Published on January 1st, 2014 | by Laura Soul


Episode 24: Marsupial evolution

Marsupials are a group of mammals best known from Australia, but are also present in South America and up to the southern and eastern parts of the USA. Despite their current geographical distribution, metatherians (the group containing marsupials and other marsupial-like mammals) were once much more cosmopolitan; the earliest fossil evidence being from the Cretaceous of China, in the Northern Hemisphere.

The story of marsupial evolution is therefore much more complex than is first apparent: When did metatherians and eutherians (placental mammals) diverge? Why are eutherians much more common? Why are metatherians restricted to the Southern Hemisphere? To answer some of these questions we spoke to Dr. Robin Beck, an expert on marsupial and metatherian phylogenetics, from the University of New South Wales, Sydney, Australia.

Marsupial ranges

The geographic distribution of marsupials at the present day. Image credit: Azcolvin429 CC BY-SA 3.0.


Pictured in 2012, the early Eocene (~55 Ma old) Murgon fossil site, approximately 270 km north-west of Brisbane, near the town of Murgon. The fossils found here are named the ‘Tingamarra fauna’ and include such groups as crocodiles, turtles, birds and marsupials.  Interestingly the species Tingamarra porterorum is thought to be a eutherian (placental mammal) and not a marsupial. This shows that marsupials weren’t always as free from competition from placental mammals as has always been assumed.


Reconstruction of the Tingamarra fossil site. The early Australian marsupial Djarthia murgonensis is visible bottom right. Illustration by Peter Schouten from the forthcoming book “The Antipodean Ark”, CSIRO Publishing.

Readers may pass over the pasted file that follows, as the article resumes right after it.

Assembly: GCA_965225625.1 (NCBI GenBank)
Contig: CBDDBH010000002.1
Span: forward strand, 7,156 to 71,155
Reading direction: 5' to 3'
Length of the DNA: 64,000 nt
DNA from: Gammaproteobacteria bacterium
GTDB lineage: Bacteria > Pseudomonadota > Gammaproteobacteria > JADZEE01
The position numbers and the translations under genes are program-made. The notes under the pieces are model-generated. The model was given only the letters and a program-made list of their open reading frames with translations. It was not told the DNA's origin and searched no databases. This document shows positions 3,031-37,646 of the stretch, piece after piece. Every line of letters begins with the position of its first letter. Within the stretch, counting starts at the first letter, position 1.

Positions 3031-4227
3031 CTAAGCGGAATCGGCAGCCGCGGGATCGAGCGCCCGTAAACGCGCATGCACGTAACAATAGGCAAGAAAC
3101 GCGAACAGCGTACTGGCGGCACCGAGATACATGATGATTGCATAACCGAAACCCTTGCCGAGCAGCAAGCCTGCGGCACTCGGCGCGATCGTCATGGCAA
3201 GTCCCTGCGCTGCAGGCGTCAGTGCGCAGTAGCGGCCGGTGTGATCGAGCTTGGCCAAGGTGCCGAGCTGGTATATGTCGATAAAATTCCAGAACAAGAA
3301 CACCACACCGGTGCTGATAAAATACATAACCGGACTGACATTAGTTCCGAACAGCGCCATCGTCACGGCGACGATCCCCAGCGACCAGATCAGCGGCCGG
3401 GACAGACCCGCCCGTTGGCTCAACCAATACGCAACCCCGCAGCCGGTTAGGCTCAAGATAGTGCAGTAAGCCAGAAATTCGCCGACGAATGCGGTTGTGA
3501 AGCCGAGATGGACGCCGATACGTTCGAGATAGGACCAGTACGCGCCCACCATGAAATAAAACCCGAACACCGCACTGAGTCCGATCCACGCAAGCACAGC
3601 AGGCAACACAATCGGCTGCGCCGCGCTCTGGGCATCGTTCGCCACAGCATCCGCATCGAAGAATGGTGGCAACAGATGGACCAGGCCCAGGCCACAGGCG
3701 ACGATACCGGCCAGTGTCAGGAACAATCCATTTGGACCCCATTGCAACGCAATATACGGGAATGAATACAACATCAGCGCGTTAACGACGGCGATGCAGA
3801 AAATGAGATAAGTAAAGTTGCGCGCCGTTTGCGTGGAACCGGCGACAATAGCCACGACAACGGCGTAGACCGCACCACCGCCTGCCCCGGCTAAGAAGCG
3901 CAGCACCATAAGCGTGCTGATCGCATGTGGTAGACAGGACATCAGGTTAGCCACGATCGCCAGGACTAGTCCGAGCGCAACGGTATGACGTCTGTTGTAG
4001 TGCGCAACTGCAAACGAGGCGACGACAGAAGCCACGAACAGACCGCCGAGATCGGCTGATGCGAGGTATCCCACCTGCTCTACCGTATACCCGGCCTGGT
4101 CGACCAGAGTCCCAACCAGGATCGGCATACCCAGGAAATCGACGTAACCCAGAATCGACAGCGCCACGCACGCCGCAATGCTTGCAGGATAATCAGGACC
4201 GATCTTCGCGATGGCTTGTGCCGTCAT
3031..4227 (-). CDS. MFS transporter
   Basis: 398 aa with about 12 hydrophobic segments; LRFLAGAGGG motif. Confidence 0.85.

A fossil tooth of a marsupial/metatherian from Tingamarra named by Dr. Beck after one of his colleagues, Henk Godthelp, one of the research leaders at Tingamarra. Henk’s nickname is ‘The Old Bastard’, so he called the species Archaeonothos henkgodthelpi, which translates, roughly, to ‘the ancient illegitimate of Henk Godthelp’. The name also reflects that this species appears unrelated to other Australian marsupials. Despite this being just an isolated upper-molar, morphological similarities suggest this specimen may be related to other fossils from Peru and Tunisia.


A footbone of a ‘South American’ marsupial from Tingamarra. Specimen QM F30060 shows characters which suggest a closer relationship to Southern American marsupials. When considered alongside A. henkgodthelpi, the notion of Australia’s marsupial fauna arriving by a single migration event is put into question.


Isolated petrosals (bones in the basal part of the skull) of Djarthia murgonensis. Specimens are illustrated by scanning electron micrographs of the cerebellar (A, E and I), tympanic (B, F and J), and squamosal (C, G and K) faces, and by coronal CT images (D, H and L). Scale bar, 2 mm. 


Comparison of isolated tarsals of Djarthia murgonensis (C-D) with the extant australidelphian marsupial Dromiciops australis (E–F) and an extant nonaustralidelphian (‘ameridelphian’) marsupial Thylamys elegans (A–B). Scale bar, 1 mm. Presence of the continuous lower ankle joint pattern (red) and subdivision of the calcaneocuboid facet into three distinct facets are australidelphian synapomorphies. AFi, astragalofibular facet (green); ampt, astragalar medial plantar tuberosity; CaCua, auxiliary calcaneocuboid facet (orange); CaCud, distal calcaneocuboid facet (orange); CaCul, lateral calcaneocuboid facet (yellow); CaCum, medial calcaneocuboid facet (blue); CLAJP, continuous lower ankle joint pattern (red); cpp, peroneal process of the calcaneus; Ec, ectal facet (red); Su, sustentacular facet (red). 


Metatherian phylogeny published by Dr. Beck in 2012. Individual species have been coloured by geographic region. Both trees are based on morphological data with a ‘molecular scaffold’ but use different statistical methods (a. is using maximum parsimony and b. is using Bayesian inference). Note the two Tingamarran taxa – Djarthia and QM F30060 (the ankle bone) – do not group with the modern Australian marsupials (red); there is at least one South American marsupial ‘in between’. This means that the single dispersal model is wrong.


Dr. Beck is also involved in a project to document morphological characteristics seen in marsupials in order to produce accurate reference materials for researchers.  For this he uses the talents of artist Patricia Wynne. Figured: Skull of the musky rat kangaroo (Hypsiprymnodon moschatus).

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